Republican and Democratic senators on Wednesday issued dueling proposals aimed to deal with the inordinate costs and processes associated with higher education, though both plans are vastly different in their approaches.
The Supreme Court is expected to make a decision this week on whether the Biden administration’s student loan forgiveness plan, which would erase federal student loan debt for approximately 20 million and lower balances for another 20 million, is constitutional. The court will look at two challenges: one involving six Republican-led states, and a lawsuit filed by two students.
President Joe Biden recently vetoed the Congressional Review Act (CRA) resolution following debates about the debt ceiling. The resolution included support from Republican and some Democratic senators and intended to overturn Biden’s student debt cancelation plan and the loan repayment pause which Republicans estimated would cost taxpayers nearly $600 billion.
GOP members estimated that the repayment pause, which is set to expire 60 days after the June 30 Supreme Court deadline, cost taxpayers $5 billion a month in uncollected fees for a total estimated balance of $195 billion. The initial pause was enacted by former President Donald Trump at the beginning of the COVID-19 pandemic.
“The president’s student loan schemes do not ‘forgive’ debt, they just shift the burden from those who chose to take out loans onto those who never went to college or already fulfilled their commitment to pay off their loans,” said Republican Senator Bill Cassidy following the successful 52-46 vote.
“Our bipartisan resolution prevents average Americans, the 87 percent of whom currently have no student loans, from being forced to foot the bill of these unfair and irresponsible policies.”
The legislation intends to “create downward pressure on the cost of colleges and universities” while offering prospective college students and their parents or guardians better information to choose the right school and program to achieve the best return on investment for them—in essence, preventing students from unintentionally taking out more loans than they can pay off in the long run.
These are the five bills:
- College Transparency Act (CTA): This reforms the college data reporting system for students and families to provide better information while assisting businesses and other employers in finding potential employees best suited for a particular field. It was previously introduced by Cassidy and other Republicans and Democrats in April.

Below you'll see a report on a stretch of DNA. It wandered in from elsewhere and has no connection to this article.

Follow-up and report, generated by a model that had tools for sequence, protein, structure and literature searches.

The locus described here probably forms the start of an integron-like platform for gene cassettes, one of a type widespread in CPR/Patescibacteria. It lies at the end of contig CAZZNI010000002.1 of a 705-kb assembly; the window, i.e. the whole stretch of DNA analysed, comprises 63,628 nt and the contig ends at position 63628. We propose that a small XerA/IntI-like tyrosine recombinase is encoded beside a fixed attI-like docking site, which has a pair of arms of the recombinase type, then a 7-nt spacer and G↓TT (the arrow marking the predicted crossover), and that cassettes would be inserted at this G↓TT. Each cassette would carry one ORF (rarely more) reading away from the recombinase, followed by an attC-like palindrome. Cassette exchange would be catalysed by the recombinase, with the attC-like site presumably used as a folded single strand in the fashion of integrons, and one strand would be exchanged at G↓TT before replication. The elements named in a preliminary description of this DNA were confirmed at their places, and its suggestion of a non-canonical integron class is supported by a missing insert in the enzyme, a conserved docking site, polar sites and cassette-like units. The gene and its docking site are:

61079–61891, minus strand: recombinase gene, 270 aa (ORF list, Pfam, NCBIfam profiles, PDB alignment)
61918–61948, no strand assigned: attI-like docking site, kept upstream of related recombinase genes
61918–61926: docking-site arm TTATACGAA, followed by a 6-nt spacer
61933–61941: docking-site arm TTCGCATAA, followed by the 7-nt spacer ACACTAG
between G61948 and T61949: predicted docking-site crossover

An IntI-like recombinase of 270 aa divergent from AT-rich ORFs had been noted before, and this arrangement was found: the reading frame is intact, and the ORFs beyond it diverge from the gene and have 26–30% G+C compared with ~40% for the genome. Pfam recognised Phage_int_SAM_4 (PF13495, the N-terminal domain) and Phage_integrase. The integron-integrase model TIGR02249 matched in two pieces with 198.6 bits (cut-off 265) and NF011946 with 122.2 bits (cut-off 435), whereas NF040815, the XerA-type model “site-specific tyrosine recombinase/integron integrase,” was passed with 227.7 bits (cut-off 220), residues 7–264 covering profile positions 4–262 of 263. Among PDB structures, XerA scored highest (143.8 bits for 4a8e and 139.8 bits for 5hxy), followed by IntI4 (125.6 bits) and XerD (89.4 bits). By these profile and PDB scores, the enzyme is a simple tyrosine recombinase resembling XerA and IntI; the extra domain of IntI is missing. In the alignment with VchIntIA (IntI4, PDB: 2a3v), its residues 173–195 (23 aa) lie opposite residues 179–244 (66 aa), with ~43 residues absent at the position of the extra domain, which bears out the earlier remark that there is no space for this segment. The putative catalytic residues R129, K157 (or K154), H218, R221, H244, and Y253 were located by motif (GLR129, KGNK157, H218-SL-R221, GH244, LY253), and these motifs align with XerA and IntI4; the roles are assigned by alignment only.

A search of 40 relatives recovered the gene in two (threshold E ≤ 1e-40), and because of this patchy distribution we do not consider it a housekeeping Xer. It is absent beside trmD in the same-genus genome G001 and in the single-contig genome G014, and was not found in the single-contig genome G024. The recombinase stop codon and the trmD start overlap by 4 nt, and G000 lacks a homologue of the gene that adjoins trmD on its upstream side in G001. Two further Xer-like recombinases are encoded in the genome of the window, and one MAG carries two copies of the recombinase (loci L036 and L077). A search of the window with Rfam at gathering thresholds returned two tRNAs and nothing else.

- Understanding the True Cost of College Act: It requires higher education institutions to use a uniform financial aid letter with clear indications of the types (scholarships, loans, work-study, etc.) of aid, breaking them down for easy understanding and comparison.
- Informed Student Borrowing Act: Prior to enrollment, students will have more information about their academic needs and financial responsibilities—including the duration of their loan, their expected monthly payment, and how much money they will likely make in their desired career fields.
- Streamlining Accountability and Value in Education (SAVE) for Students Act: It reduces the number of repayment options from nine to two options: the 10-year standard repayment plan, plus REPAYE+ and an income-driven repayment plan that provides earlier forgiveness for low-income, low-balance undergraduate borrowers.
- It also prohibits new federal student loans from paying for undergraduate programs in which half of the former students are unable to earn a salary higher than the median high school graduate and prohibits loans from paying for graduate programs in which half of the former students are unable to earn more than a median bachelor’s degree recipient.
- Graduate Opportunity and Affordable Loans (GOAL) Act: If enacted, it would end inflationary Graduate PLUS loans and limit graduate school borrowing, and allow institutions to set lower loan limits by program to protect students from overborrowing.
Ty Bofferding, spokesperson for the Senate Health, Education, Labor and Pensions (HELP) Committee, told Newsweek that PSLF and the other 25-ish other loan forgiveness programs remain and will be untouched by this bill package. Interest on loan repayments is not addressed in this legislation.
Cassidy said Wednesday during a press conference that the Biden administration’s plan is “not a fix but merely a Band-Aid,” saying this new GOP plan “addresses the root causes.”
“Young people are paying a lot more for higher education and getting a lot less, and that’s wrong…This is one step to restoring sanity to our education system,” Tuberville said. “It’s out of control. We’ve got our work cut out on all levels.”